Contemporary economic and legal analyses of predatory pricing.
Degree GrantorUniversity of Canterbury
Degree NameMaster of Commerce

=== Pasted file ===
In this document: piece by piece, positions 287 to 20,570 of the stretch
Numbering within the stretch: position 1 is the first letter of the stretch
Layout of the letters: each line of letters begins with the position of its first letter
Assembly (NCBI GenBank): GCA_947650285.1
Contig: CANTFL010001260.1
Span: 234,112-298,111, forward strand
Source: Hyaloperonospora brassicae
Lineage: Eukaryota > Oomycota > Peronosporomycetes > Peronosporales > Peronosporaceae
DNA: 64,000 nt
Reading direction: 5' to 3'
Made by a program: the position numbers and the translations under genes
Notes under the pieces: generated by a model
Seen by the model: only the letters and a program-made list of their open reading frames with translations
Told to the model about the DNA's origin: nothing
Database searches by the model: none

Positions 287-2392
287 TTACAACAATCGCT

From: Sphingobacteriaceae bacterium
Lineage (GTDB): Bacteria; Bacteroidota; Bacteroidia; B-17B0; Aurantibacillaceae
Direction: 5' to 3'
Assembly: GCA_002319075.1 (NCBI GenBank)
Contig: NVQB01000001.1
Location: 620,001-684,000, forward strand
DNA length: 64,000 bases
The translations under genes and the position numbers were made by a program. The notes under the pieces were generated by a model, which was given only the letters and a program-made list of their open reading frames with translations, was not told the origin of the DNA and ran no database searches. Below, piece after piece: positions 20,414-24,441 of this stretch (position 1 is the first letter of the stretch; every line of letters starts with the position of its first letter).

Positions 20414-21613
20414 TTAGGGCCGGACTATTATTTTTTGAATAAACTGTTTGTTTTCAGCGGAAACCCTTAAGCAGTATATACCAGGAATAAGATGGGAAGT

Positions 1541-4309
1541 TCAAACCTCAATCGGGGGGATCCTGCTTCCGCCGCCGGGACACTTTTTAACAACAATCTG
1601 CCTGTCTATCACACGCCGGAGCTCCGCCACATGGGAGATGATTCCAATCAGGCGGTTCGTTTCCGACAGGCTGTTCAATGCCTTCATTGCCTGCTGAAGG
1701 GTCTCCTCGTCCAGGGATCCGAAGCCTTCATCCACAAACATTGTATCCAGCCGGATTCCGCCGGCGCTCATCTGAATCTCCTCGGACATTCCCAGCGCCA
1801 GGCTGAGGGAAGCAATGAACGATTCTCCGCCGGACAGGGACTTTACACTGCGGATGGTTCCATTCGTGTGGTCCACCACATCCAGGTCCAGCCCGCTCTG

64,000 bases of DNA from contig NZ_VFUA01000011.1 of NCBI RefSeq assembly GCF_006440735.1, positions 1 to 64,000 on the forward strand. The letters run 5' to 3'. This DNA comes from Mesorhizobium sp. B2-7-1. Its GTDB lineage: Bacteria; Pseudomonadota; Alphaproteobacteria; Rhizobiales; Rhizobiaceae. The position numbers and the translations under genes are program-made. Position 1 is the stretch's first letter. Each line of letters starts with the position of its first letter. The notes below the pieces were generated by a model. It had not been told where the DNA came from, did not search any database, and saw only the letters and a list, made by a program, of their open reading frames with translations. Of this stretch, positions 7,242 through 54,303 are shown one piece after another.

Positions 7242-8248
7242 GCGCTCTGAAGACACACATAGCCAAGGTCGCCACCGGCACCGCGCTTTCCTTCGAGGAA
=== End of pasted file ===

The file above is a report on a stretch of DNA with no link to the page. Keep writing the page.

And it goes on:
Over the last decade the market-driven economic philosophies of successive New Zealand governments have transformed the structure of the economy. These changes have established favourable market conditions for the success of a particular type of anticompetitive organisational behaviour, predatory pricing. From the mid1950s to the early 1980s, economic analyses of predatory pricing theories frequently concluded that this behaviour constituted economically irrational behaviour. This conclusion generated a widespread scepticism among antitrust commentators, policymakers and judges towards the prevalence of such behaviour. Recently, however, the basis for this conclusion has been undermined by the application of Game Theory to predatory pricing. Game-theoretic analysis has proven that predatory pricing is rational under a range of market conditions and consequently, issues regarding the need for prohibition and the optimal method of proscription have again become relevant. This research investigates the contemporary developments in economic and judicial analysis of predatory pricing in order to evaluate the efficacy of section 36 of the Commerce Act 1986 in prohibiting this behaviour. A comprehensive survey of the game-theoretic predatory pricing models concludes that these models refute a number of well-known irrationality arguments and that predatory pricing cannot be regarded as irrational organisational behaviour. Prominent standards proposed in the literature for the existence of predatory pricing are then shown to be deficient in light of the insights provided by the application of game theory. A critique of the most recent predatory pricing cases decided by the United States Supreme Court, the Court of Justice of the European Economic Community and the Australian Full Federal Court is then conducted and it is found that the form and content of the standard for any jurisdiction must be dictated by the specific objectives of the competition law legislation. Finally, the research concludes that, in all but one respect, the current drafting and judicial interpretation of section 36 enables the section to be effective in proscribing those types of predatory pricing which are inimical to the attainment of the objectives of the Commerce Act.